My "Dear Uncle John" letter

I have a confession to make.

John Kerry is actually an old family friend of mine. In fact, growing up, I knew him as my beloved “Uncle John.”

I have a scrapbook I keep of my Uncle John. It has many treasured memories.

One of the oldest items I have is a Christmas card from Uncle John. It’s from 1969, when I was barely two years old. I even saved the envelope it came in – I was fascinated by the Cambodian stamp and postmark on it, even at that age.

A few pages later in the book is a postcard from the early 70’s. It features the Eiffel Tower on it, and it is signed by “Cmdr. John F. Kerry USNR).” He also sent me the autographs of several North Vietnamese officials Uncle John was good enough to collect for me.

Ah, here’s another cherished heirloom. It’s Uncle John’s number from the time he ran the Boston Marathon. I don’t recall the exact year, or his time in running the race, but that’s OK. He doesn’t, either. And my mother was really happy that he had the number cleaned before he sent it to me, so it doesn’t have any icky sweat stains.

And here is a leaf from the time he took me hunting on Cape Cod. I fondly remember crawling through the woods, trying to be as quiet as I could, while Uncle John kept his eye out for our prey. He was just sighting in on a 16-point buck – a trophy prize anywhere, let alone on Cape Cod – when I slipped and my elbow snapped a stick on the ground. The buck started, Uncle John missed his shot, and the buck escaped. He said he wasn’t mad, but I could tell he was disappointed.

And here’s my ticket stub from Game 6 of the 1986 World Series, where our beloved Red Sox blew their chance to defeat the Mets and break the Curse of the Bambino. Uncle John really had to work to get us to that game – he called in some favors to get out of a charity event in Boston he had promised to attend and we sneaked down on a private plane. He even got his friends at the Boston Globe to cover for him and say he was really there. But Uncle John had promised to take me to the game as a birthday present (I had turned 19 the day before), and he kept his promise. I’ll always remember that evening – I think Uncle John nearly cried when that ball went between Buckner’s legs, not 30 yards in front of us, costing the Sox the game and the championship.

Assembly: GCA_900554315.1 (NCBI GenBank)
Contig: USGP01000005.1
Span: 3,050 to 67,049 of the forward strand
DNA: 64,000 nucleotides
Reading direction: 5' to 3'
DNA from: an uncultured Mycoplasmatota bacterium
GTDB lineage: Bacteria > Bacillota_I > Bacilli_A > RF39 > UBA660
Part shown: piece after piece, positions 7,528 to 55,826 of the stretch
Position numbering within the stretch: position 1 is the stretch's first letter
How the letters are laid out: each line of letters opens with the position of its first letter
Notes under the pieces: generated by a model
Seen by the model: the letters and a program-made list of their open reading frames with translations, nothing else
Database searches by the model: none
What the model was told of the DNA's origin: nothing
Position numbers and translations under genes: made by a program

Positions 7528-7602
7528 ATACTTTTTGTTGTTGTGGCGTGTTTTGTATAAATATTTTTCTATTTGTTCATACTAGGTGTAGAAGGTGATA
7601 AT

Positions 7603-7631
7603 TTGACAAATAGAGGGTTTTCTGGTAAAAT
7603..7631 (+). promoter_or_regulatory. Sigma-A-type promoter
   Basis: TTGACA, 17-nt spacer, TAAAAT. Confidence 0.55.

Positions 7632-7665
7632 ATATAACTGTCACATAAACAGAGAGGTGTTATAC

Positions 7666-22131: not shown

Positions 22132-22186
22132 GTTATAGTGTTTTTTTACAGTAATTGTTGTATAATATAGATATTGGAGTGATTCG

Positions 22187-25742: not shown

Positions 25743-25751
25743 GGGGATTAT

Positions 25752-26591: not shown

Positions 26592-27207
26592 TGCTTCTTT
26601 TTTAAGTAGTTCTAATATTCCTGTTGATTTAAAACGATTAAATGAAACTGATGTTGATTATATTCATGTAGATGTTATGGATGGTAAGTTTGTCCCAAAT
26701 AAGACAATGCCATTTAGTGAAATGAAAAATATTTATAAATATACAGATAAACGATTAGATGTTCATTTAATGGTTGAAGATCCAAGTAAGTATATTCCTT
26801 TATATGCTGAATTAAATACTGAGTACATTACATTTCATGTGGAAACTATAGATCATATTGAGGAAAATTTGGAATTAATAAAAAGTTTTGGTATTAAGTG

Uncle John and I drifted apart after he divorced his first wife. It was kind of hard to stay in touch with him – for a while he was living out of his car, and the post office won’t deliver to “Silver Chrysler Lebaron parked on J Street.” And when he married Theresa Heinz, he suddenly had so many addresses I didn’t know where to write him.

I tried to get back in touch with Uncle John a couple years ago. I was unemployed, and hoped he’d use his connections to help me get a government job. I wrote him at his office, but it took forever for him to write back – it was like he was never there, not even to get his mail. And when he did answer, all he sent was a bunch of campaign literature about how many jobs he’d helped create through his work in the Senate. At that point I decided that I would sever all ties with “Uncle John” and do anything I could to hurt him back.

And that’s my shameful confession. I understand that Kevin will probably bar me from posting any more here after this, but this has been preying on my conscience for far too long. They say confession is good for the soul, and I feel so much better after coming clean with you fine readers.

J.

THE GLOBAL WAR ON TERROR (PART I)
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  1. Rodney Dill October 25, 2004
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